The aim behind this Iranian desire to assert power in Africa is to target the “enemies” of Iran, including regional rivals and global foes, especially the US. A new aspect apparent during Raisi’s recent visit to Africa was the search for new markets for Iranian military exports, such as drones and unsophisticated weapons systems.

The official Iranian diplomatic stance sets very ambitious objectives for mutual Iranian-African cooperation. Nevertheless, difficulties are apparent in carrying out economic cooperation projects, and tensions often emerge in relation to Iran’s ideological and security activities on the African continent. For instance, Iran-Zimbabwe bilateral trade amounted to less than $5 million in 2021 and during the recent visit 12 memorandums of understanding were signed without any details regarding the future Iranian investments in the country. Zimbabwe’s President Emmerson Mnangagwa greeted Raisi after the Iranian president’s plane landed at Robert Mugabe International Airport in Harare and referred to him as “my brother.” Despite this apparent warmth, the economic rationality of the visit became a topic of debate inside Iran given the lack of economic complementary between the two countries.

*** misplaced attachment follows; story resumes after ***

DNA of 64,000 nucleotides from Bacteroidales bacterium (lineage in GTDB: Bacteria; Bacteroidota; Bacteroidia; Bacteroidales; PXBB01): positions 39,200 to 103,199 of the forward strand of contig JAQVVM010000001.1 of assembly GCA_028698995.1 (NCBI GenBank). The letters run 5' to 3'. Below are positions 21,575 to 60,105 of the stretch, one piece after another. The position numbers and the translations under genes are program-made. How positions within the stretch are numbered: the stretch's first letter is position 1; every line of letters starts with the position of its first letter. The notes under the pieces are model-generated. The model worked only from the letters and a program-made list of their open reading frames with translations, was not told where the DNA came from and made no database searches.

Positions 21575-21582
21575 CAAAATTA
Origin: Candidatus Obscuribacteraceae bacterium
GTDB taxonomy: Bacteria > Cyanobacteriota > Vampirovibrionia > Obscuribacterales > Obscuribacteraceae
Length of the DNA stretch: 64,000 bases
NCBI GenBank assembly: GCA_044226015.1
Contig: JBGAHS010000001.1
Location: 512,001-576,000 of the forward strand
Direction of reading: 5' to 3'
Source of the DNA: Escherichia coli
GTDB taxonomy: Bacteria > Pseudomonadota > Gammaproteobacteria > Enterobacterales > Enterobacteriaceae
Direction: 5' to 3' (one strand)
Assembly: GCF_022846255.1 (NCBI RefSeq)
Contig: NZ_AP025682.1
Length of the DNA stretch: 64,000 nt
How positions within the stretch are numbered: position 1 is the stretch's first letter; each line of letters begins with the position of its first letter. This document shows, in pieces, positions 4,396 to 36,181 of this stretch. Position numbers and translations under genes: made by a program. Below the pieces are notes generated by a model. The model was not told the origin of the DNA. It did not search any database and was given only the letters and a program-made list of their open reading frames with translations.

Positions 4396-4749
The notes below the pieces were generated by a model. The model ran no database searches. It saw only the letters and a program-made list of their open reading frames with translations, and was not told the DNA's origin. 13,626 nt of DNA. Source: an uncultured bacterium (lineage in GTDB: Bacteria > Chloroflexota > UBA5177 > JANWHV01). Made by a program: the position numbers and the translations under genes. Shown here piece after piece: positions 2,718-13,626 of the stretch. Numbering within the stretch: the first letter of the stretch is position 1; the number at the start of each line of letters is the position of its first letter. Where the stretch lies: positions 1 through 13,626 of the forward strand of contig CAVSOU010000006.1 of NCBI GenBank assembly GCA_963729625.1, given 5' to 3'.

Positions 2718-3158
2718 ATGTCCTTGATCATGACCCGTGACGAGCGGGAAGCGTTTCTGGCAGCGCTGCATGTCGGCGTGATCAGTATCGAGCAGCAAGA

What GCC investments and others indicate is that despite reconciliation with Iran, there is room for competition in other theaters, especially in resource-rich Africa

Dr. Mohammed Al-Sulami

Overall, Iran’s Ministry of Foreign Affairs said that it expects trade with African countries to increase to more than $2 billion in 2023, up from an estimated figure of between $500 million and $1 billion in 2021 and 2022. The official Iranian objective of increasing trade with the continent to $5 billion is extremely insignificant and inferior to the UAE’s $50 billion and Turkiye’s $35 billion trade with Africa, which has a $600 billion global trade.